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Foreign Affairs, Health Care, Healthcare, Media, Public Health, Uncategorized

Red Cross Warns Of New Ebola Flare-Ups In West Africa


Red Cross officials working on the frontlines of the fight against Ebola in West Africa say the virus is spreading at a rapid pace, and now they’re having trouble recruiting enough health workers to stop it.

Officials with the French Red Cross said Monday that it’s easier to recruit people to go to Iraq, despite the security hazards there, the Associated Press reported. The Red Cross is also facing a new problem it’s never encountered before: Sixty percent of people who sign up to work in the Ebola “hot zone” end up backing out later due to pressure from concerned families and friends.

The Red Cross was one of the first aid groups on the ground when the Ebola outbreak emerged in Guinea last March. Currently, the agency has more than 7,700 volunteers mobilized in and around the three hardest countries — Liberia, Sierra Leone, and Guinea — providing everything from technical and financial support to education, awareness, and outreach efforts.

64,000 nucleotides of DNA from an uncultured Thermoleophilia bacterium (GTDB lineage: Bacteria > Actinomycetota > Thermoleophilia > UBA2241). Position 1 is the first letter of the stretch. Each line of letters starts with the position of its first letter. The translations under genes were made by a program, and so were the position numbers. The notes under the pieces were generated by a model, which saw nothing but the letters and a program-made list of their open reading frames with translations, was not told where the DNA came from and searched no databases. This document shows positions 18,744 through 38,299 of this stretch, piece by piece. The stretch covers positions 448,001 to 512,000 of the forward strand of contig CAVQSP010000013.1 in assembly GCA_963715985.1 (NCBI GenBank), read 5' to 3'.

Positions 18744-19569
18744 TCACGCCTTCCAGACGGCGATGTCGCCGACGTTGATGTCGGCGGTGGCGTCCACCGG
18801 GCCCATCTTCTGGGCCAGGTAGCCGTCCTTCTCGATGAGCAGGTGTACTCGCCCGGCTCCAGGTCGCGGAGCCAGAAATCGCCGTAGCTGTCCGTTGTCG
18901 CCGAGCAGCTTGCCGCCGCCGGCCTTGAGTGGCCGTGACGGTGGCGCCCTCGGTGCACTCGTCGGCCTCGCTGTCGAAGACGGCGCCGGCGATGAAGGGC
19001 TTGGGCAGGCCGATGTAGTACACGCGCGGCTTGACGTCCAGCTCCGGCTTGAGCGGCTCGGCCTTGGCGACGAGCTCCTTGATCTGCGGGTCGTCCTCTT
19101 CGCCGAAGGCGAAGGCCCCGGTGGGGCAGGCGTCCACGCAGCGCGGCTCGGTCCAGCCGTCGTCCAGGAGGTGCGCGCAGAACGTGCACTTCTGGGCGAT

Because of their close contact with severely ill patients, health care workers are especially vulnerable to contracting Ebola. More than 300 doctors, nurses and other health care workers have died of the disease since the outbreak began. That toll grew on Monday with the death of Dr. Martin Salia, a surgeon from Sierra Leone, who was in extremely critical condition when he arrived Saturday for treatment at Nebraska Medical Center.

Recently, officials from the World Health Organization had expressed hope that the outbreak could be starting to level-off in parts of Liberia. However, Birte Hald of the International Federation of Red Cross and Red Crescent Societies told the Associated Press that the virus “is flaring up in new villages, in new locations.”

“It is absolutely premature to start being optimistic,” she added.

So far, the outbreak in West Africa — the worst in history — has sickened more than 14,4oo people and killed at least 5,177 according to the latest figures from the World Health Organization.


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